Rich and Ethan, two VPs at a large security firm, pride themselves on their leadership skills.
They enjoy the admiration of their superiors, their peers, and their direct reports. Their performance has made each of them valuable assets to the company.
Then something surprising happens. The security company has launched a new social media security initiative in order to provide better service to its customers.
Rich takes charge of the technology side of the project while Ethan oversees the business side of the project.
Ethan and his team spend the next several weeks researching similar initiatives by their competitors, compiling statistics and proposed outcomes and creating supporting documents for their business development initiatives.
Ethan hits the ground running and never stops. His highly motivated team follows suit.
Rich, despite his advanced knowledge of the latest technology, feels oddly anxious about the new system.
Worrying that all the tricky little pieces will not fit seamlessly together to get the desired result, he finds himself looking over the shoulders of his programmers and getting in the way of his development team as he frets about every little decision.
Since he has not behaved this way before, everyone on the project is mystified.
Rich has not suddenly lost his mind; he has come down with a bad case of the final variation of the good boss gone bad syndrome:
Too afraid to lose.
It can be both rewarding and nerve-wracking to get promoted to a leadership position.
We want to be recognized for our work, but we also don’t want to lose our good standing; we want to keep our reputation intact.
A leader who shies away from certain risks not only hurts themselves but also hampers everyone else’s ability to forge ahead and get the job done.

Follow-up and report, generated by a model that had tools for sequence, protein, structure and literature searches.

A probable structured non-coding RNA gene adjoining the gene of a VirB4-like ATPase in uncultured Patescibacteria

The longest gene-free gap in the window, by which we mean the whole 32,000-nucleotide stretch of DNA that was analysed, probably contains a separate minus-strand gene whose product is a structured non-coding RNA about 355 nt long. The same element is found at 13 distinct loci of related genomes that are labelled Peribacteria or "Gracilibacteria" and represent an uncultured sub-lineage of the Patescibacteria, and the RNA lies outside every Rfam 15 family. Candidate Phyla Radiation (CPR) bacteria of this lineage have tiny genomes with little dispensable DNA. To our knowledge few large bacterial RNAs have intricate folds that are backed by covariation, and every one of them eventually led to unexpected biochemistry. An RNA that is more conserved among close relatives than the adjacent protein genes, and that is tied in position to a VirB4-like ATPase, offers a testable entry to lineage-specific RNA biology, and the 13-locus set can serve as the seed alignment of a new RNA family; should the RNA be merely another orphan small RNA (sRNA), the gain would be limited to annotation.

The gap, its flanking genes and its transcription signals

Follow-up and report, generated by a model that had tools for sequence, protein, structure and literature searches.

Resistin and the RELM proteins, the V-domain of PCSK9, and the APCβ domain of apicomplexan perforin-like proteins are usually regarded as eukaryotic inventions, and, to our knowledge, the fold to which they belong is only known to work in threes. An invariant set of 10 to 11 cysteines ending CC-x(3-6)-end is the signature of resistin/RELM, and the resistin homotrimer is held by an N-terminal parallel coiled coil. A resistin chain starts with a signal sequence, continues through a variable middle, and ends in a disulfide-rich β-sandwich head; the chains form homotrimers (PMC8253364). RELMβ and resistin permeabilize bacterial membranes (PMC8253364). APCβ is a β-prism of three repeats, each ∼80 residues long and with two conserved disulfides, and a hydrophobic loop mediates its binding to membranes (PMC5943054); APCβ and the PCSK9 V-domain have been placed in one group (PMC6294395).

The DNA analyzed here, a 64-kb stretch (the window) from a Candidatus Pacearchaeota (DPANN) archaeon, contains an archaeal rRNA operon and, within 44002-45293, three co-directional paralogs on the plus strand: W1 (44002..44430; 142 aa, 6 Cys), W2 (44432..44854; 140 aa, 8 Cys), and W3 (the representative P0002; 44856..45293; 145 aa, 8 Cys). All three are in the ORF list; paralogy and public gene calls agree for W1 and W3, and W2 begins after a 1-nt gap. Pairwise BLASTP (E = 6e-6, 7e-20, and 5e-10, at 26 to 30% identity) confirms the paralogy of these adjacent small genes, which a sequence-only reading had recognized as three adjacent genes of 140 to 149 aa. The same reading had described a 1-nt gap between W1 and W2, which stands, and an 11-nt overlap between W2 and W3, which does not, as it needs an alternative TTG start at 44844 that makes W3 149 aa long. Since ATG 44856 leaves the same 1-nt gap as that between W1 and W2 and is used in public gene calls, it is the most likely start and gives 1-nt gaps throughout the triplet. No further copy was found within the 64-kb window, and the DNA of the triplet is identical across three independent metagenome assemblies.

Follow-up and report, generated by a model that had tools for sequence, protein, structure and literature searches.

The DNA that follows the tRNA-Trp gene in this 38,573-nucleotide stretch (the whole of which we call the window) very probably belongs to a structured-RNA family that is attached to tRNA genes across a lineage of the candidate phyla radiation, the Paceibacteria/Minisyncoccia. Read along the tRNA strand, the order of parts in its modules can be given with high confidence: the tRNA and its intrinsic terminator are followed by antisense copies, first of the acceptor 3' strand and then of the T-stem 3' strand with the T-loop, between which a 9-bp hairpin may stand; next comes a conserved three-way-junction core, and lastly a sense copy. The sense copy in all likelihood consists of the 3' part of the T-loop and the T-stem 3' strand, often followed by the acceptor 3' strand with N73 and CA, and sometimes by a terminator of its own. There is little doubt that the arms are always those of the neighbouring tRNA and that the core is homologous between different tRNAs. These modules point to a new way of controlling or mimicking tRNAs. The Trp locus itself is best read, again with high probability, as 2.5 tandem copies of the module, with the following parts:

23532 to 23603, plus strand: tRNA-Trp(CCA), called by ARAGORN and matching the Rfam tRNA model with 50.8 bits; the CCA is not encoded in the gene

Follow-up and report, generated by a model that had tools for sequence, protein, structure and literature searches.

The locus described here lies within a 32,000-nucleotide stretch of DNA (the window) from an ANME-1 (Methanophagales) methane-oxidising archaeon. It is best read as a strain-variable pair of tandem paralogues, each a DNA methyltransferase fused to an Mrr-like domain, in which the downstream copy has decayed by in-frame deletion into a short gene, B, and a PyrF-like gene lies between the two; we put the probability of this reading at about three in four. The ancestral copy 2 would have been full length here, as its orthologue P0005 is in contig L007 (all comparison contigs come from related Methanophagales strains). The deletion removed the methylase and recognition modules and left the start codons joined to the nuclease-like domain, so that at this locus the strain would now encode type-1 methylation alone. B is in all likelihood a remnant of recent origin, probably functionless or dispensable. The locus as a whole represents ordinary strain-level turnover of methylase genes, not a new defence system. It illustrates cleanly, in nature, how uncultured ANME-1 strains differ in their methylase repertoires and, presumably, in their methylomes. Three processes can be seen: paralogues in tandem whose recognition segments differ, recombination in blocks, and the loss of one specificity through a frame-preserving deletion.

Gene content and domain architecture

Call it choking or deer-in-the-headlights paralysis, it often exhibits itself in micromanaging and second-guessing behavior.
Those suffering from the too-afraid-to-lose variation:
These toxic behaviors will destroy a leader’s credibility. More than the other variations, the too-afraid-to-lose form thwarts creative problem solving and impedes team progress.
Good bosses who fall into this trap often worry about appearing weak. They mistakenly associate failure and mistakes with weakness and incompetence.
This false relationship causes them to behave stupidly and out of character, micromanaging details or becoming immobile.
Those suffering from this common ailment are experiencing a problem with what psychologists call self-efficacy: a person’s belief that they can achieve a certain outcome.
When your sense of self-efficacy gets swamped, you immediately sink into too-afraid-to-lose quicksand. You begin to doubt yourself and others.
To bolster your self-efficacy and ultimately avoid the too-afraid-to-lose syndrome we must make a habit of putting the following into practice:
Remember that what got you promoted was your work ethic, your innovation, and your ability to think clearly and out of the box. Keep yourself rooted to your strengths.
Obstacles are part of life; the sooner we can say “OK, let’s work with this new information” and figure out a way to forge ahead the better off we’ll be, and the less power setbacks will have over us in the future.
When we take on challenges we grow. The minute that voice in your head says, “No can do,” that’s your signal that growth and wisdom are on the horizon.
This goes back to recovering quickly from setbacks. Don’t harp on the mistake or take it as a sign of ineptitude; that doesn’t help solve anything.
Rather, recognize that this particular challenge required more than what was given, which simply means more time, people, resources might be needed to devote to it.
Playing it safe feels comfortable but it’s not nearly as rewarding as breaking out of your comfort zone and finding a solution that you or anyone else has ever seen before.
You don’t need to have daily epiphanies, you simply need to make a concerted effort to open your mind and accept new ideas, new people, and new methods into the fold.
None of this easy. It’s a lifetime process. Thinking like this will help all areas of our lives, from professional to personal.
Self-awareness begins with admitting you are human. Becoming a boss doesn’t make you infallible.
Screw-ups need not mire you in the quicksand of self-pity or self-destruction. The path back to the ranks of the good boss is paved with self-awareness.
Just pausing to cast an objective eye on your maladaptive or unproductive behavior or asking a trusted ally to tell you the honest truth about how you’ve been acting lately can get you back on track.